Pull out your sixth grade government flash cards— is America a plutocracy? Kara Miller asks Chrystia Freeland, editor of Thompson Reuters Digital and author of “Plutocrats: The Rise of the New Global Super-Rich and the Fall of Everyone Else.”
- Chrystia Freeland: Editor of Thomson Reuters Digital and author of "Plutocrats: The Rise of the New Global Super Rich and the Fall of Everyone Else."
In the 1970s, the top 1 percent of America's wealthy collected approximately 10 percent of the nation’s income. Today, just a few decades later, they collect for 30 percent. In the United States, as well as in Canada, Scandinavia, and China, the income gap has become the income Grand Canyon.
“There has been a tremendous surge in income inequality, with a particular surge at the very, very top,” says Chrystia Freeland, author of “Plutocrats: The Rise of the New Global Super-Rich and the Fall of Everyone Else.” “This is particularly acute in the United States, but it is a global phenomenon.”
The Journey to the Top
How have America’s richest come to find themselves even richer? Freeland points to the rapid evolution of technology and increased globalization. Every time a transaction can be completed more quickly, every time a new world market opens up, there is a potential for enormous profit. But these economic trends do have a downside — automation and outsourcing leave the middle class with fewer job opportunities.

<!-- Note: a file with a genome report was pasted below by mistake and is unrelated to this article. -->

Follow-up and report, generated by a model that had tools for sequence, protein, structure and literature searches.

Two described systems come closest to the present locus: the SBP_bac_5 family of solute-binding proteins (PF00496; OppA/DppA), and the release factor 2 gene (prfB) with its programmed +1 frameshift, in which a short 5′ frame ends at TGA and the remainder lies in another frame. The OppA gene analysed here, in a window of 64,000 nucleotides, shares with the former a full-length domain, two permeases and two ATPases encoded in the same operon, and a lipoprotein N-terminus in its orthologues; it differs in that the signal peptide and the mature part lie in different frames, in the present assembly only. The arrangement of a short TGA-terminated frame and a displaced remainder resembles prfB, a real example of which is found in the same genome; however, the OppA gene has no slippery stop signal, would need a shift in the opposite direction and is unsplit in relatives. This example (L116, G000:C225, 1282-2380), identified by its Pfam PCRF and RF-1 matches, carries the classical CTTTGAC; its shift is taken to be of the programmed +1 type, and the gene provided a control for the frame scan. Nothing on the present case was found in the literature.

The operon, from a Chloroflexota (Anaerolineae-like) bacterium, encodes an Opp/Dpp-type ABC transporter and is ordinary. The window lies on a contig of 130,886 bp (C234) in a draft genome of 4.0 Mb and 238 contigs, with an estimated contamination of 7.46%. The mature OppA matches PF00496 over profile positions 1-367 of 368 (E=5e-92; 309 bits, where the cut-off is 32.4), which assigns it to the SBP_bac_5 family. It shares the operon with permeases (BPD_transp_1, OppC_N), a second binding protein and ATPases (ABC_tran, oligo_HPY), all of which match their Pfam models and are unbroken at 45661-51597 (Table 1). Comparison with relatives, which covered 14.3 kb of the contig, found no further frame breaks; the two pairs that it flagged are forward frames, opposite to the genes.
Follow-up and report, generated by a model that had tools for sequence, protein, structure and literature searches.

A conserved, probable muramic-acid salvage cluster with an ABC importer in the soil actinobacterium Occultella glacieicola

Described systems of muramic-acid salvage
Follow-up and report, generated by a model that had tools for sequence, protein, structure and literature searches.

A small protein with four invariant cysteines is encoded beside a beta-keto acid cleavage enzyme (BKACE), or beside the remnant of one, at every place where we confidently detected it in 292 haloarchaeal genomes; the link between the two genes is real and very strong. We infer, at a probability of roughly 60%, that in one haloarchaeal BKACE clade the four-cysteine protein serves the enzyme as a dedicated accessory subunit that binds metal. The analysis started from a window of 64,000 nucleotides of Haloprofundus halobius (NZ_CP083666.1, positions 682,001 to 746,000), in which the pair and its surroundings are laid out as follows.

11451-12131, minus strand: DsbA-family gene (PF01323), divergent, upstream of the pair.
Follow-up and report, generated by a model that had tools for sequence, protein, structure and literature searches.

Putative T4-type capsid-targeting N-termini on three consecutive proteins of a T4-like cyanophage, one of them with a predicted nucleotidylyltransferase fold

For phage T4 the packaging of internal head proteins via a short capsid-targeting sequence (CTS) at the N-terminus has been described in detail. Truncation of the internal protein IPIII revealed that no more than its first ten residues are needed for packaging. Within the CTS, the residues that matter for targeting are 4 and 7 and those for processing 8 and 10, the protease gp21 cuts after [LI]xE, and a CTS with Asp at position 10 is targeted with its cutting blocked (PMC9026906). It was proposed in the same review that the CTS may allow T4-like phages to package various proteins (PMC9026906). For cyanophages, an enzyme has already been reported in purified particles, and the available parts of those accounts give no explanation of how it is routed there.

“It’s pretty obvious,” says Freeland. “We see how our economy is being transformed in a very disruptive, I think ultimately a very positive, and very fast way. That’s an economic coin that on the one hand is facilitating these huge fortunes, very fast, at the very top — but those same economic processes are also hollowing out the middle class.”
Economic trends aren’t the only factors causing bank accounts to balloon — American political policies have also shifted the burden of payment from the rich to the middle class. In the 1980s, Ronald Regan lowered taxes on the wealthy from a high rate of 70 percent to 28 percent. Since then, tax rates for America’s richest have fallen even lower.
While America’s wealthy have more money than ever before, more of that money is self-made. When she first started researching her book, Freeland thought the myth of the self-made millionaire would forge an understanding between those at the top and the middle class they believed they came from.
“[But] in a lot of cases I think it actually has a distancing effect,” Freeland concedes. “It creates this sense of, ‘I did it myself, you didn’t do it, and therefore this distribution is fair.’”
Are the Super-Rich Victims?
But though economic policy has favored them for decades, the tide may be turning against Plutocrats. America watched the fight unfold in the presidential election, when Governor Mitt Romney coined the term “47 percent,” while President Obama called for higher tax rates on the rich.
“Right now you are hearing from the Plutocrats such a shriek of pain. [There’s] a real sense of victimization,” says Freeland. “I think that is because people, including the re-elected president, have started to challenge this notion that what is good for the very, very top…is good for the middle.”
Freeland hopes that the discourse about economic inequality becomes even more frank. Traditionally, she explains, politicians have spoken about economic growth in terms of how they can increase the wealth of the country as a whole. Even in the last election, she feels accusations about class disparity were delicate.
“[It] seemed to me to be relatively mild Populist rhetoric,” Freeland says. “Millionaires and billionaires have to pay their fair share — but this was hardly Lenin on the barricades.”
But for a country that fosters the well being of a small elite, it may be the first step in the right direction.